The deeply embedded practice of designing gender-segregated restrooms may feel like the norm to many, but in recent years, transgender and gender-nonconforming individuals and the organizations that support them have voiced the everyday discomfort and sense of alienation felt by those who cannot use the restroom of their choice in public spaces. They point out that gender-segregated facilities inherently exclude people who might not conform to stereotypical gender definitions or modes of expression. Moreover, research shows that transgender and gender-nonconforming people of color specifically suffer under this status quo at disproportionately higher rates: both in terms of the health impacts resulting from not using the restroom for long periods of time and by experiencing violence in public restrooms. As this form of inequality gains a wider understanding, architects and designers must decide whether they wish to perpetuate inequality through their designs or advocate for change.
Joel Sanders, professor of architecture at Yale University and editor of Stud: Architectures of Masculinity, said, “Marginalized people want to gain access to these public spaces. One silver lining of culture wars is that they bring attention to important social issues: [Can we] create alternative bathroom design that’s good for people of all body types?”
The bathroom layout is among the first aspects of a building to be considered. The notion of a shared “wet wall” with gender-segregated plumbing facilities located on both sides is seen as a fundamentally efficient arrangement for a variety of building types. This prototypical approach is also perceived as being cheaper to build. But what is typically considered a perfunctory and banal aspect of design, contingent mainly on code-required fixture counts and wheelchair-turning radii, is actually ground zero for the perpetuation of gender-identity discrimination. That’s because this automatically embeds gender segregation into architecture from the onset of a project’s development and furthers what is increasingly being viewed as an unequal and discriminatory cultural mind-set through design.
Gender-segregated restrooms are also in the regulations and codes that guide design. Many municipalities require a minimum number of gendered stalls, but with the exception of a growing handful of cities, few require gender-neutral facilities as a matter of code. Further, municipalities that do make provisions for gender-neutral facilities often simply rebrand separated, single-stall suites like those provided for Americans with Disability Act (ADA) compliance to double as gender-neutral facilities. The reliance on ADA stalls as a catchall for differently abled and gender-nonconforming individuals is seen by advocates as impractical in terms of the limited occupancy of these facilities as well as discriminatory in its segregation of those who do not conform to prototypical definitions of mobility and gender expression. As stated in a recently published editorial coauthored by Sanders and Susan Stryker in the Los Angeles Times, “Changing the signage on single-stall restrooms is easy, but it doesn’t address the underlying social structures that created unequal bathroom access in the first place.”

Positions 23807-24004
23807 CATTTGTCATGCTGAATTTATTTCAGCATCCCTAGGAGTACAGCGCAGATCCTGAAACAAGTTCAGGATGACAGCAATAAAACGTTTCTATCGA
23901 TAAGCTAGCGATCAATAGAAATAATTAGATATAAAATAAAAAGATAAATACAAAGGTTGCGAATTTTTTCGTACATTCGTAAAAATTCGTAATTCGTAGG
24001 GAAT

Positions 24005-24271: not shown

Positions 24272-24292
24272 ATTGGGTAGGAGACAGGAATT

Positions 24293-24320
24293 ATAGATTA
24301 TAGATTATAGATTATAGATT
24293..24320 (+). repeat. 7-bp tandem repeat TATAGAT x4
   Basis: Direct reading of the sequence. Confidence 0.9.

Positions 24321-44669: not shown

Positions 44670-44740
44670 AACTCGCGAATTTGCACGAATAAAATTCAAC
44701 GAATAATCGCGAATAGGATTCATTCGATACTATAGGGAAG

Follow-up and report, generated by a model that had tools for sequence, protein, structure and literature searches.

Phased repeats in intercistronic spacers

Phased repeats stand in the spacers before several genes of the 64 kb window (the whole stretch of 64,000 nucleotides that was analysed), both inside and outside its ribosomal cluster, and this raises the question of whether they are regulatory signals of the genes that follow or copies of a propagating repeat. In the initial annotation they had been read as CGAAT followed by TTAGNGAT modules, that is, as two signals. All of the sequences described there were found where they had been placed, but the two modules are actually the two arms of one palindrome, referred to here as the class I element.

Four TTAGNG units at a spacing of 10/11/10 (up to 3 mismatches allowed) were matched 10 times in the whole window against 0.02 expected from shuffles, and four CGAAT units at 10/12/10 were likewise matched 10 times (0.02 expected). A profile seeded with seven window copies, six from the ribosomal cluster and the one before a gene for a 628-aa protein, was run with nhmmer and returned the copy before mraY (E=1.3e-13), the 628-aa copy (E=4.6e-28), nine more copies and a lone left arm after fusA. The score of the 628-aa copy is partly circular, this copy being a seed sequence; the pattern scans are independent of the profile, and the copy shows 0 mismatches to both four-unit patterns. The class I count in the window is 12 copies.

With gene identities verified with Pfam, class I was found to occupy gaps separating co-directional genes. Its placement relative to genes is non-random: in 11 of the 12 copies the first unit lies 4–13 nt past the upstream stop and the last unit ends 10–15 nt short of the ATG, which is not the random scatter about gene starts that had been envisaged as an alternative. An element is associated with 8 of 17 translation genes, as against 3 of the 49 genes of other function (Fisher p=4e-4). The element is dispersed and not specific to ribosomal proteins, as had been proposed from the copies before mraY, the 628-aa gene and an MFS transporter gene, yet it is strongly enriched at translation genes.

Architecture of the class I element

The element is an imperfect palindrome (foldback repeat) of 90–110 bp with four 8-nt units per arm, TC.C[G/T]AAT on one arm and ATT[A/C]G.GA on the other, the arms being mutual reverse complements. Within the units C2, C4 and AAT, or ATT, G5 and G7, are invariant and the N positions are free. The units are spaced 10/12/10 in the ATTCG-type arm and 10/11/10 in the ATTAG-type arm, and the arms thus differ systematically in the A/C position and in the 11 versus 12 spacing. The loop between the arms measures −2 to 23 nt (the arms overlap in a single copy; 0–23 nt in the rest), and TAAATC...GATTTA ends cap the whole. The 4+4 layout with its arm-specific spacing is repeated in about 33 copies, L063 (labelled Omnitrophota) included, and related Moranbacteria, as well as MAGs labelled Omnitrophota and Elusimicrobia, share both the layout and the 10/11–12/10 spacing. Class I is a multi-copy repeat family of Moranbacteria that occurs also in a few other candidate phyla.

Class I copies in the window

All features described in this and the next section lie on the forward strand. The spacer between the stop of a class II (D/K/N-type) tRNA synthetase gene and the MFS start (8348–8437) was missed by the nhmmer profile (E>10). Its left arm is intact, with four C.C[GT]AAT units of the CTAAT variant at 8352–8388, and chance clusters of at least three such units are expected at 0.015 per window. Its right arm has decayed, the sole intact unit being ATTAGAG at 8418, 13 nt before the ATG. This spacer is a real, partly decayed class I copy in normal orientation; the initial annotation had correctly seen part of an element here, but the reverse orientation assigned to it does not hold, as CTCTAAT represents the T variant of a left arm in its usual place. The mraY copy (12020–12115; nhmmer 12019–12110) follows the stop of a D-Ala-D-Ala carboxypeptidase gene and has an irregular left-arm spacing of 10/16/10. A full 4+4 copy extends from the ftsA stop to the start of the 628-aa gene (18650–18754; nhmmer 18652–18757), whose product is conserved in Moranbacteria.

The emerging response to this new design problem has been slow to start, mainly with college and high school student-run LGBTQI organizations converting existing
facilities to gender-neutral ones by removing placards demarcating binary gender identities. Columbia University and Barnard College in New York City began converting existing, single-occupant restroom facilities in 2013. The University of California system followed suit in 2014 with a similar plan across its ten campuses with 238,000 students.
In April 2016, Santee Education Complex in Los Angeles became the first high school in that city’s 640,000-student school district to open gender-neutral facilities. Gay Straight Alliance (GSA) students launched a school-wide information campaign regarding the need for gender-neutral facilities, convincing administrators to convert an existing 15-stall women’s restroom for use by all students. Jose Lara, faculty sponsor for the GSA, said, “It’s probably the safest place on campus for students because there are always adults around. Students are very accepting of the restroom.”
Coincidentally, designs for wholly new gender-neutral facilities bear much resemblance to those at Santee High School. Authorities on the politics of gendered bathroom design like Sanders and Stryker agree that multistall, gender-neutral facilities are the future of nongendered restroom design and even have the potential to be safer than traditional bathroom configurations. These configurations are already common in certain European countries, as well as many high-end establishments. Designs vary, but these restrooms typically feature a collection of individual, lockable water closets accessible from an atrium containing shared washbasins, allowing a steady and diverse flow of people to come into and out of restroom facilities. These designs, however, are exceptions in an otherwise gender-segregated architectural culture and will not become part of a wider societal change unless building codes change in toe with social mores.
According to advocates, these designs, if widely adopted as part of a new set of building codes and regulations, could herald a new era of gender equality in architecture.